1 results for Ashley, Linda

  • Teaching Dance from Contextual Perspectives in the New Zealand Curriculum: Concerns, Dilemmas and Opportunities in Theory and Practice.

    Ashley, Linda (2010)

    Doctoral thesis
    The University of Auckland Library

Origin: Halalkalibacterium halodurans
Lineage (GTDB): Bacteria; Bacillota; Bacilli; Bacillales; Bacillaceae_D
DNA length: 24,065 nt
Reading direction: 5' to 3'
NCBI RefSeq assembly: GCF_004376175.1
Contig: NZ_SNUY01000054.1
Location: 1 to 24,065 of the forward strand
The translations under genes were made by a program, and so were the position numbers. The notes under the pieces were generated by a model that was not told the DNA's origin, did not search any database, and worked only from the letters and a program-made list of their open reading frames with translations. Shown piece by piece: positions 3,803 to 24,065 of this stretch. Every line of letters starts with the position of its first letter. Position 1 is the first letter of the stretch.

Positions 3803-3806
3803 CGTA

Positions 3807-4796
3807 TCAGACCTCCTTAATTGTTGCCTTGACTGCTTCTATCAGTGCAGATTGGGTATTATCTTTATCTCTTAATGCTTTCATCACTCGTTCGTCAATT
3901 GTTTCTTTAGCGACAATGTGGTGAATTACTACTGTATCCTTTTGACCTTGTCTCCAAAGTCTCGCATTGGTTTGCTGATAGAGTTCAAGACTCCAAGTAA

This thesis investigates the concerns, dilemmas and opportunities that teachers associated with teaching culturally diverse dances from contextual perspectives. This topic was identified as timely because of the inclusion of a separate Understanding Dance in Context Strand in The Arts in the New Zealand Curriculum (New Zealand Ministry of Education, 2000). Issues surrounding how to teach, which dances to teach, and who is teaching dance from contextual perspectives, are examined throughout this investigation. Building on previous research into dance education, this inquiry aims to inform and support the development of pedagogy in the teaching of dance in schools in New Zealand. Drawing on relevant literature from dance education, historical background, theories and pedagogies are examined. Literature from a range of other fields is also reviewed, including anthropology, ethnography, educational philosophy and cultural theory. Attention is drawn to how theories from these fields impact on teaching of dance contextually, in terms of ethical treatment of the traditions of others and how theory and practice interface. An ethnographic investigation in New Zealand was designed from within an interpretive paradigm to collect data from teachers, dance educators and dance specialists. These voices are at the heart of this inquiry. The methods used to collect data were: as participant observer on an in-service dance education course; questionnaires; and focus groups. The data collected from the dance specialists and tertiary dance educators produced some contrasting perspectives to those of the teachers. Grounded theory provided a systematic process of analysing data using constant comparison. It became apparent that the theoretical and practical expectations associated with teaching dance contextually differed from teaching creative dance or teaching for skill acquisition. However, the latter teaching strategies were also associated with teaching dance contextually, in what was found to be a complex nexus of concerns, dilemmas and opportunities. Moreover, the difficulties encountered by teachers in this study, as they engaged with this nexus, resulted in some teachers not teaching dance contextually and this does not meet expectations of the Curriculum. A key finding of this inquiry is how creative discovery learning can operate in the teaching of culturally diverse dances from contextual perspectives.

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